We sometimes have to wait years for a road to be resurfaced only for the council to wreck it with spray and grit. They are under the illusion that it saves money and increases the life of the road surface.

our council does not repair the potholes although as fast as the private firms seem to repair them new ones reappear

I am refusing to pay the share of council tax for road care now. I want to know what it actually goes on as it certainly isn’t the road surface or pavements. I have paid enough shares into it and not seen anything for it. Once I see roads being repaired completely and not wasting money filling in pot holes that just come out again every Winter. Companies should be made to pay for it. They think we are just suckered with never ending purses.

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A common problem on country roads is that vehicles damage tarmac roads by driving onto the verge when meeting other vehicles. This gradually breaks up the road surface and one road I use regularly has required annual repairs. I’m no expert but installing a kerb that is level with the road surface could help preserve the integrity of the tarmac and be very cost effective.

It is not difficult to report potholes, but I’m not sure how we get people to slow down when they can see that a road surface is starting to deteriorate.

Smike says:
6 November 2016

Potholes can be lethal for two wheeled vehicles.
If the rider hits one head on, the ride will be bumpy, but usually cause no loss of control.
However, it a front wheel drives too near the side of a pothole, and the front wheel then slips sideways off of the edge, the cyclist or motorcyclist will always, fall off.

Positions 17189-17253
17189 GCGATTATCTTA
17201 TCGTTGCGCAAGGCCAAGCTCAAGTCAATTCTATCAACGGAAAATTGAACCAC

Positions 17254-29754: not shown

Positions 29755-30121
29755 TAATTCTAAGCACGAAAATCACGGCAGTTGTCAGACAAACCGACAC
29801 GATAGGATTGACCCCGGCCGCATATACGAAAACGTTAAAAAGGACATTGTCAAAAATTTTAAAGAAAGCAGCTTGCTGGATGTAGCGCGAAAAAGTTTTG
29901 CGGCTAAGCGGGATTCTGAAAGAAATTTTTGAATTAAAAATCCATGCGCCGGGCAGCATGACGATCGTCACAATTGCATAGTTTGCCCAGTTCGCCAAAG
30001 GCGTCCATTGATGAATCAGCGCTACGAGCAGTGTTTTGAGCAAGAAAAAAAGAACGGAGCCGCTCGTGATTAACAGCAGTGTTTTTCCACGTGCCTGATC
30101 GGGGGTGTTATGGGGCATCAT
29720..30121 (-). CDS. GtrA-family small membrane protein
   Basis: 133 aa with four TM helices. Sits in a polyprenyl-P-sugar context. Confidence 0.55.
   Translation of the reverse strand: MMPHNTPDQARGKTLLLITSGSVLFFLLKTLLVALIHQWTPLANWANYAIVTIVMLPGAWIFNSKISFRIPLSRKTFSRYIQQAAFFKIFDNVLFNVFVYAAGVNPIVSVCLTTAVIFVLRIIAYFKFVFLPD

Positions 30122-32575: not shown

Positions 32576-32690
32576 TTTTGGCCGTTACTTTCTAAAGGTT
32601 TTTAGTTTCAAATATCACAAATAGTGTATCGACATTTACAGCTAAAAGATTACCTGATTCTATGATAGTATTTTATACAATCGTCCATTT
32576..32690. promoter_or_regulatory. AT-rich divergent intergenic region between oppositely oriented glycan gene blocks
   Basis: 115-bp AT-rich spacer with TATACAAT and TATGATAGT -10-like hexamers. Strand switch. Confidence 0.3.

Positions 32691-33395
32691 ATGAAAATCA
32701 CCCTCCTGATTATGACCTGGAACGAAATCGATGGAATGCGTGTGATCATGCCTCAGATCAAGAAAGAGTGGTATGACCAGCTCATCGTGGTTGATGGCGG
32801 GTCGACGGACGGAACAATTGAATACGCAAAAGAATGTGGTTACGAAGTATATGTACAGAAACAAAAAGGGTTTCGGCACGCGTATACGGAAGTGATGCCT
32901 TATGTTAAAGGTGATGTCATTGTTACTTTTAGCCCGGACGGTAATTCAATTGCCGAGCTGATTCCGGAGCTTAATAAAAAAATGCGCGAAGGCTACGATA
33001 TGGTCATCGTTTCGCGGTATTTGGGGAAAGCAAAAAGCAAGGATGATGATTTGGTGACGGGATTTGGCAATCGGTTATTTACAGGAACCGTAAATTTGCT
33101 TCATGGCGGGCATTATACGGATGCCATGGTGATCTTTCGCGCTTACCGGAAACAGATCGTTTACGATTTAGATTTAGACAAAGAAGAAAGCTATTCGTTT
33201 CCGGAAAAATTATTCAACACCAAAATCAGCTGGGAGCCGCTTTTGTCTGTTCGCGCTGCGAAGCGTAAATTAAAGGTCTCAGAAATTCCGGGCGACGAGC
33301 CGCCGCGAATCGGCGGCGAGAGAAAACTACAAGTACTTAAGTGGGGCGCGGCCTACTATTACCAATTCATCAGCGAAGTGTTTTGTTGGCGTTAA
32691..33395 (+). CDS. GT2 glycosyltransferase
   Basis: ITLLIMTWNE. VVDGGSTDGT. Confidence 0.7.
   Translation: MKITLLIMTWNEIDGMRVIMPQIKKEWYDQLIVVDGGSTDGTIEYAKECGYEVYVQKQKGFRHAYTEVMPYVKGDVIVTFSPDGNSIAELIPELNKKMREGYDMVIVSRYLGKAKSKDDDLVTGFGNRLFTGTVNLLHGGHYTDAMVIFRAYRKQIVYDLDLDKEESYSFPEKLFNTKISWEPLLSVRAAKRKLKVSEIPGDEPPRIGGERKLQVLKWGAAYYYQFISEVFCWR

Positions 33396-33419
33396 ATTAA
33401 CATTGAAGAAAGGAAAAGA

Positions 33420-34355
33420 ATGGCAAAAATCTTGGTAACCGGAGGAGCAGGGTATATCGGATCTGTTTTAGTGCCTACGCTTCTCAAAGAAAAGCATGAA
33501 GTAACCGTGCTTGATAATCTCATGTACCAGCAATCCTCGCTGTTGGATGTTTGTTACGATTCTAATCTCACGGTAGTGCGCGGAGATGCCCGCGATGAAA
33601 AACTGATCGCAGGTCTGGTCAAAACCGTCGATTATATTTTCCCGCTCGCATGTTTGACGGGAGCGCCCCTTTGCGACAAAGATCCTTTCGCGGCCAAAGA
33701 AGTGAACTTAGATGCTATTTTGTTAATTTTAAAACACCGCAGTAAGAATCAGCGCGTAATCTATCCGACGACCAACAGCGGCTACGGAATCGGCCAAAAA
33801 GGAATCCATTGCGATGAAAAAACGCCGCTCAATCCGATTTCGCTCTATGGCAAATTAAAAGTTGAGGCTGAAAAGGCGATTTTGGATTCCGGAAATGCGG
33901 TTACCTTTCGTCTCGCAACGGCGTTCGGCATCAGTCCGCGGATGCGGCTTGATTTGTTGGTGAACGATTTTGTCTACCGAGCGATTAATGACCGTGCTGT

These ‘accidents’ are never without consequence, and this, could be be injury, or even death if run over by a following vehicle.

Filling in potholes was, if I remember correctly, the methodology employed by mediaeval barons and enjoyed roughly the same level of success. As Duncan has noted, once you have a few in any road then re-laying is really the only option.

There is a national service for reporting potholes: https://www.gov.uk/report-pothole
Councils may also have phone numbers and web pages to report potholes.

Perhaps you would be happy if the local council imposed a pothole surcharge – like any other precept – that ringfenced money just to repair potholes. By my calculation we will require around £454 per household – spread over a number of year It might be, though, that other groups would look for similar ringfenced funds.

Alternatively, as there are 35 million registered vehicles in the UK, and the total potholes repair cost is estimated at £12 billion, we could use the money destined for smart meters, a chunk of HS2, or add £34.50 to vehicle excise duty for the next 10 years. Any other ideas where the money might come from?

I’m not sure who ‘you’ is referring to but I remember purchase tax on luxury goods, which seemed a very sensible form of taxation. That was in the days before VAT was introduced. At one time we had VAT rates of 25%, 8%, zero and exempt. Higher taxation of luxury goods could go some way narrowing the gap between rich and poor.

I can see other opportunities to raise funding from those who have surplus funds. For example, the registration numbers of scrapped pre-1963 cars (ones without a date identifier) could be auctioned, maybe on a live TV programme.

That last idea is excellent, and there are many other sources for raising money. Bad roads cost a lot of people a lot of money, and leaving the cost to local councils whilst simultaneously cutting income to those councils leaves the government believing its hands are clean.